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Red River Radio
10:55 am
Wed February 5, 2014

Louisiana higher ed leaders eager to roll out workforce plan

University of Louisiana System president Sandra Woodley is promoting a plan to address workforce challenges in Louisiana.

When the Louisiana Legislature convenes next month it will consider whether to fund a $40 million plan to create a pot of money that the state’s colleges and universities can compete over. Penned by higher education system leaders, the so-called WISE (Workforce and Innovation for a Stronger Economy) plan is meant to help remedy niche labor shortages in the state.

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NolaVie
4:47 am
Mon February 3, 2014

The Winter Olympics, For The Warm-Blooded

A speed-skater at the 2010 winter Olympics.
Credit Fotophilius / Flickr

Now that the Super Bowl is over, we can turn our attention to the next colossal event on the sports horizon. I know I’m ready. 

Yes, the Winter Olympics start this week. Of course, for those of us here in New Orleans, the whole Winter Olympic thing is a little hard to get into. Mountains? Snow?

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Politics
4:39 pm
Mon January 27, 2014

Why Small Town Mayors Face Multiple Disadvantages

Originally published on Fri January 24, 2014 6:29 am

Transcript

RENEE MONTAGNE, HOST:

Hundreds of mayors converged on Washington, D.C. this week for the annual U.S. Conference of Mayors. There were some big names in the group: Chicago Mayor Rahm Emanuel, New York Mayor Bill de Blassio. Also in the mix were mayors from some of the country's smallest towns and cities. NPR's Laura Sullivan spent the day with the mayor of Ville Platte, Louisiana, who, like most small town mayors, was trying to find a way to stand out in the crowd.

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Animal Life
10:39 am
Fri January 24, 2014

Animal Life: Sometimes Pets Need First Aid

Pets have medical emergencies too. Luckily, the Louisiana SPCA offers pet first aid/CPR classes.
Credit Dora Zett / <a href="http://www.shutterstock.com/pic-168026771/stock-photo-labrador-retriever-isolated-on-white.html?src=csl_recent_image-3">Shutterstock.com</a>

You're probably familiar with mouth-to-mouth resuscitation. But have you ever heard of mouth-to-snout?

That's right, pets have medical emergencies too. Your feisty outdoor cat, for example might show up at dinnertime with a battle wound. Or you might find your dog in over his head in the bayou. 

Learning animal first aid and CPR is a good way to prepare for unexpected accidents. Pet first aid and CPR training gives you the know-how to get your animals through a medical emergency until you get them to a vet.

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Out To Lunch
2:14 pm
Fri January 10, 2014

Out To Lunch: The Kids Today

Cam Marston, Lola Lass and Peter Ricchiuti.
Grant Morris It's New Orleans

 

Cam Marston is an authority on the relationships between generations and on how Boomers, Gen X-ers and Milllenials co-exist in the workplace. Cam consults on his Generational Insights with a wide range of Fortune 500 companies and is a sought after lecture circuit speaker.

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Inside the Arts
12:15 pm
Thu January 9, 2014

Colin Quinn: UNCONSTITUTIONAL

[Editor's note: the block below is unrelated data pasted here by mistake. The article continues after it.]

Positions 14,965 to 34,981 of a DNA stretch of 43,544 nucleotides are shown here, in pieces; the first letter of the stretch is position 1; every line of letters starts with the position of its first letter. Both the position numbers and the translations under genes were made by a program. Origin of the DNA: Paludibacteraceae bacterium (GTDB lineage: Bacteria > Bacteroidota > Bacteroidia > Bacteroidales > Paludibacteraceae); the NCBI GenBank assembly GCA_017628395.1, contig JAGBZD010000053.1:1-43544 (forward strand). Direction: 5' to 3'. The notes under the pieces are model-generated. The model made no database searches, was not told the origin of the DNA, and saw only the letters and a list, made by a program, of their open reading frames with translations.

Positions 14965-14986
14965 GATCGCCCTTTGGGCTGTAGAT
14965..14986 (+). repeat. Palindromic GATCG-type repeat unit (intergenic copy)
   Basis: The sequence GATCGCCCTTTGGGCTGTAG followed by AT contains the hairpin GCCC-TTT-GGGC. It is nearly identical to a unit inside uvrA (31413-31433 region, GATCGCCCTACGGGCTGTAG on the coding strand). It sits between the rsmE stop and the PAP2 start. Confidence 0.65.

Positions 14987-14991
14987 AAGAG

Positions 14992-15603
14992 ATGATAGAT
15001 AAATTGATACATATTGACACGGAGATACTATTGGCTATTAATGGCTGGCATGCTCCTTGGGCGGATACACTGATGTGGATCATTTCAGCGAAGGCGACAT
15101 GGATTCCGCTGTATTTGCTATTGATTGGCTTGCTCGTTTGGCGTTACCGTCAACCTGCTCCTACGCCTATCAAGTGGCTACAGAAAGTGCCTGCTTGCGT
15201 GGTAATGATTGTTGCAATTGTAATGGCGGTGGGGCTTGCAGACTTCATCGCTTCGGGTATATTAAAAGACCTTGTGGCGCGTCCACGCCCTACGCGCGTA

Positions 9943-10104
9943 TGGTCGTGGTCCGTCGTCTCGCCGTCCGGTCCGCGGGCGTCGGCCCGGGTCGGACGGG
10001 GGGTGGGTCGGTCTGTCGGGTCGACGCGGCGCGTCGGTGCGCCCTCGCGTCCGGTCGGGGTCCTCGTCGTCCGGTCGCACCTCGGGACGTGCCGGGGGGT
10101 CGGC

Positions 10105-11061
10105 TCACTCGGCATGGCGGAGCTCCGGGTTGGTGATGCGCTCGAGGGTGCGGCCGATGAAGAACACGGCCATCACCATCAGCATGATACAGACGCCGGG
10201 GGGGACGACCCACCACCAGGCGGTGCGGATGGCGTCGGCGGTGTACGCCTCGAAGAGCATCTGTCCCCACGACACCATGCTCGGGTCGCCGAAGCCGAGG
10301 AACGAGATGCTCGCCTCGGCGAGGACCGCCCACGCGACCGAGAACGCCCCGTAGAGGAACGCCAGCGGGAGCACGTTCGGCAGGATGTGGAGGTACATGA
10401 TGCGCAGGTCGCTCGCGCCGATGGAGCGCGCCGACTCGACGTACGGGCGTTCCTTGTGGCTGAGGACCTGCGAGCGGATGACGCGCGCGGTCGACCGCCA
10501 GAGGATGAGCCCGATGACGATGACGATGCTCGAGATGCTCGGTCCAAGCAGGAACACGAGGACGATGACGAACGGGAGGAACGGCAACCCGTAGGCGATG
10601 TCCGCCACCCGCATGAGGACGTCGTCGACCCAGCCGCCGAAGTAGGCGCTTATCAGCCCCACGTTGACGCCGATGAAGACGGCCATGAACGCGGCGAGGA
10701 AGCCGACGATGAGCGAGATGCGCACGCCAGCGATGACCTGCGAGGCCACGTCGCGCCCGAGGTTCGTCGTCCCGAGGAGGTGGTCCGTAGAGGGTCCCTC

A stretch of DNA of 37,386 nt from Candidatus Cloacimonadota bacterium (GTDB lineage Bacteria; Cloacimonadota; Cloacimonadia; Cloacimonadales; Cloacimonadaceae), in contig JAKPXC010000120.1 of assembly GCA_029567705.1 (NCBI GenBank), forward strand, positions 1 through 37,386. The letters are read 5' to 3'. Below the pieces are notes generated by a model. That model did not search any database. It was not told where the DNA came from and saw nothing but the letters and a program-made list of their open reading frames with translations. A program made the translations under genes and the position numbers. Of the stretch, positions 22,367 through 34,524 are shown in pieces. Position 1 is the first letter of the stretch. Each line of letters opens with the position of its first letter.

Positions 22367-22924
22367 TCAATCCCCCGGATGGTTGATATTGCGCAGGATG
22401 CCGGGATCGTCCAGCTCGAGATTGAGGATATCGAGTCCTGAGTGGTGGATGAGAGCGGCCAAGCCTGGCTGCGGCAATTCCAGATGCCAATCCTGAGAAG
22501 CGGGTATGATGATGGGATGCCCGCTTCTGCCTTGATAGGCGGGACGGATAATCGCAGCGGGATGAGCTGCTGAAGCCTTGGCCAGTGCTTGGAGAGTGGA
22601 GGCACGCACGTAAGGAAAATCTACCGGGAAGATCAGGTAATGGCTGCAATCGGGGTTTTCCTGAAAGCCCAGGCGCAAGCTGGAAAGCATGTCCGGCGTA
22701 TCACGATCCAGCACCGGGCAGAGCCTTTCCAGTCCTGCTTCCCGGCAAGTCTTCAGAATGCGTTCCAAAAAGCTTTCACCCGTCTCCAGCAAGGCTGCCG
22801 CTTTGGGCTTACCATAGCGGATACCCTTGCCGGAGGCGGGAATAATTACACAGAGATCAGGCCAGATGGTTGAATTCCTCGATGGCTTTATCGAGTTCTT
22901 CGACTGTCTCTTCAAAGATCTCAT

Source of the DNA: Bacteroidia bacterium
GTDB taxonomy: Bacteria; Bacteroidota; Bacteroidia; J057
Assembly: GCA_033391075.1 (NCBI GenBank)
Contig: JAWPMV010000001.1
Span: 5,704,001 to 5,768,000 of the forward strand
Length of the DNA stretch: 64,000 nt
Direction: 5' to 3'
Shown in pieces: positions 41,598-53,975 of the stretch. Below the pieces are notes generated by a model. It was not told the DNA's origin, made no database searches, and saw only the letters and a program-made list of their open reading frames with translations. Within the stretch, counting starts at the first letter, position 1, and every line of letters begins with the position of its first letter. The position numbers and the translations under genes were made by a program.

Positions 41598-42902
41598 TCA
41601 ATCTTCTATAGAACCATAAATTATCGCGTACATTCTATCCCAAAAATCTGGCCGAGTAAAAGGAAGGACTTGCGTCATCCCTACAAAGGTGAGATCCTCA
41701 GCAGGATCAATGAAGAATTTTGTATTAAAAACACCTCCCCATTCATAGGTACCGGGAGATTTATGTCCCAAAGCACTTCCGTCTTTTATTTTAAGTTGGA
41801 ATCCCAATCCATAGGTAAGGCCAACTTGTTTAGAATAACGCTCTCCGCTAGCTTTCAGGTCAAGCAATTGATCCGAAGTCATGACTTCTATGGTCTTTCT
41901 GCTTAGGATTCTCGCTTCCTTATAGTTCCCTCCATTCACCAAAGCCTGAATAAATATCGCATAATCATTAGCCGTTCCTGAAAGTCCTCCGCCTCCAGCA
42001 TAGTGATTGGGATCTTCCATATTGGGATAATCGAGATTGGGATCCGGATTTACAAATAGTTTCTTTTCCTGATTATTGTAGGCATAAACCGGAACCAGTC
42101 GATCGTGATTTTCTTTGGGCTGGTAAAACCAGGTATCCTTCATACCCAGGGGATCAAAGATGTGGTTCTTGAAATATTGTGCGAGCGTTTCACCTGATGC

Colin Quinn: UNCONSTITUTIONAL
Credit Mike Lavoie

We go Inside the Arts as former Saturday Night Live comedian Colin Quinn takes on the founding fathers in Unconstitutional.

The new comedy, a romp through American history written by and starring Quinn, plays at the Joy Theater tonight, Jan. 9, at 8 p.m.

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Latest News
3:26 pm
Wed January 8, 2014

1,000-Acre Westbank Range To Be Home For Declining Species

A planned 1,000-acre range on New Orleans' west bank will serve as a haven for antelope and bird species that aren't breeding as well as zookeepers would like, giving some of the animals a chance to roam in herds that zoos don't have space for.

Groundbreaking on the project begins Wednesday. New Orleans' Audubon Nature Institute and the San Diego Zoo Global Wildlife Conservancy are partners on the project.

Latest News
7:00 am
Wed January 8, 2014

Non-Profit Trying To End Poverty Without Government Social Programs

Today marks the 50th anniversary of former President Lyndon Johnson's declaration of war on poverty. A non-profit is trying a new approach in New Orleans to lessen the persistently high poverty rate in the city.

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Community
5:07 am
Mon January 6, 2014

7th Ward Residents Await The Return Of The Circle Food Store

The iconic outside of the Circle Food Store.
Laine Kaplan-Levenson

More than eight years after it flooded and closed due to Hurricane Katrina, the Circle Food Store on the corner of Claiborne and St. Bernard Avenues is about to reopen its doors. The historic landmark served the 7th Ward from 1938 up until the storm, and it’s said to have been the first New Orleans grocery owned and operated by African-Americans. Long time residents and customers voice their reactions to the long-awaited return of this neighborhood staple.

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Animal Life
9:00 am
Fri January 3, 2014

Animal Life: Whom To Call

Louisiana wildlife can be scary. Make sure you know who to call!
Louisiana SPCA

A New Orleans woman is cooking dinner in her kitchen, when a raccoon enters through the doggy door. This is not the first time the raccoon has done this, and the woman has had enough. She picks up the phone to call… who? The city? The animal shelter? Pest control?

Who to call about an animal issue depends on where you live, what kind of animal it is, and whether it’s alive or deceased.

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